Firing off a retort to Democratic legislators who introduced gun control bills, Republican Delegate John McGuire filed three bills in the General Assembly to make it easier to obtain and use guns.
The bills, which will be considered by McGuire’s colleagues during the session that started Jan. 8, include a proposal to eliminate the need for a concealed carry permit for citizens who already have passed a background check to possess a handgun.
“This increases the number of law-abiding, responsibly armed citizens in public places,” said McGuire, whose 56th district includes all of Louisa County.
“Sixteen other states have passed Constitutional Carry laws, because they realize that during the unthinkable, seconds matter – and innocent bystanders quickly become the first line of defense.”
In the same vein, McGuire introduced a bill to allow people to carry guns in churches. To bolster his argument, the delegate pointed to a Dec. 29, 2019 incident in Texas in which a churchgoer shot a man who opened fire during a service.
The third firearms bill would allow people injured in gun shootings that occur within gun-free zones designated by the Commonwealth of Virginia or a locality to sue for damages. Currently, the state and localities have sovereign immunity from legal action.
McGuire also filed a bill to require the Virginia Department of Health to study the harmful algae blooms that plagued parts of Lake Anna during the past two years. The algae can make people and their pets sick if they come into contact with it while swimming in the lake.
A health department official said at a Lake Anna Civic Association meeting last year that algae could be attributed to a number of possible causes, including runoff from septic tanks or farms and weather conditions. Louisa County Board of Supervisors member Duane Adams, whose Mineral district includes the lake, said recently that a study is warranted.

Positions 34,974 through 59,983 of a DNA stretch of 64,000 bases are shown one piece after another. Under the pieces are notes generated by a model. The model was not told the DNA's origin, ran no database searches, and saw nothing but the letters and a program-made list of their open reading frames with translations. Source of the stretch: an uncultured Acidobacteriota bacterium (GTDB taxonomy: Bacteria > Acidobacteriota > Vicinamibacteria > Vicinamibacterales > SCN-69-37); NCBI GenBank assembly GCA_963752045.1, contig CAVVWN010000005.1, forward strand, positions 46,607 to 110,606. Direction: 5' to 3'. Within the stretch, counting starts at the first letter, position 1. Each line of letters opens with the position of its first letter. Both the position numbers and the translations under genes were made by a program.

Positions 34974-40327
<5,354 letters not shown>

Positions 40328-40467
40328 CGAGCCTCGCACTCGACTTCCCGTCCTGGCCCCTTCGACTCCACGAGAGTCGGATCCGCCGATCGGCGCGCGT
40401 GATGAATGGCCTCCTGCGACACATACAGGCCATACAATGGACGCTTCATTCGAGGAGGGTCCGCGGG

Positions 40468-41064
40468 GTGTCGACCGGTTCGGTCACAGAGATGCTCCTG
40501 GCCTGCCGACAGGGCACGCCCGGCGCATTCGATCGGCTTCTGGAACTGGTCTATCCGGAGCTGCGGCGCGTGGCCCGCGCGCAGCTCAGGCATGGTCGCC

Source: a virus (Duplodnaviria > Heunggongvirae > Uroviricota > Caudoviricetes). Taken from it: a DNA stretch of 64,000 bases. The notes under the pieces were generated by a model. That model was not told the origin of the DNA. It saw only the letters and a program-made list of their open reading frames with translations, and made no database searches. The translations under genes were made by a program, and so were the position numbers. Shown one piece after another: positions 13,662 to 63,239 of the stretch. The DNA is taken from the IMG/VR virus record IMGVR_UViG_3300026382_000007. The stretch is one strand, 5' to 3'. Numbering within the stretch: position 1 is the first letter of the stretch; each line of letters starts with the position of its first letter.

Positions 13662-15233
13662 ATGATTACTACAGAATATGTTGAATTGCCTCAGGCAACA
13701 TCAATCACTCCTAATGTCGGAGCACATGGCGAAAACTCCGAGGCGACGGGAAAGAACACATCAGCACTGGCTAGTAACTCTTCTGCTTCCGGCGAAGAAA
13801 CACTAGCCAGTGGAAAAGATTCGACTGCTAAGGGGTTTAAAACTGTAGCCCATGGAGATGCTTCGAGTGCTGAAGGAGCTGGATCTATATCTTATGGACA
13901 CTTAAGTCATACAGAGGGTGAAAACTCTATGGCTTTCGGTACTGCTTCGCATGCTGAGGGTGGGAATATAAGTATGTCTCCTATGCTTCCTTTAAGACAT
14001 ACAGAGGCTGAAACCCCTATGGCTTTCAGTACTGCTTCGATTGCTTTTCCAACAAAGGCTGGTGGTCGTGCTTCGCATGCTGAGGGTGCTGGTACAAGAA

The algae problem has also been identified in ponds in the Mountain Brook subdivision in Zion Crossroads, according to Supervisor Bob Babyok (Green Springs district), and is an issue in lakes in other parts of Virginia and the Mid-Atlantic region.
Denise Bonds, Thomas Jefferson Health District director, told the board on Jan. 6 that the health department historically only tested harmful algae blooms in coastal areas, but Lake Anna was added when the problem was discovered there in 2018. She said the agency does not test other freshwater bodies but can provide educational resources.
The health department issued no-swim advisories several times during the warmer months of 2018 and 2019 and posted signs near the affected areas.
McGuire’s bill requires the agency to complete its study by the first day of the 2021 General Assembly session, one year from now. The study’s goals would be to identify the source or cause of the harmful algae blooms, determine a near-term treatment plan to reduce them and their effects and devise a long-term strategy to keep them from returning.
The delegate also filed a bill to create a source of funding for school resource officers. Though the bill is not targeted at a particular county, Sheriff Donald Lowe said this week Louisa County could take advantage of the funds in the future. Lowe hired SROs for the four elementary schools in 2018 on a part-time basis; the officers are employed during the school year, with funding split between the county government and Louisa County Public Schools.
A portion of revenues from taxes on alcohol licenses, distilled spirits and beer and wine coolers would fund the state program.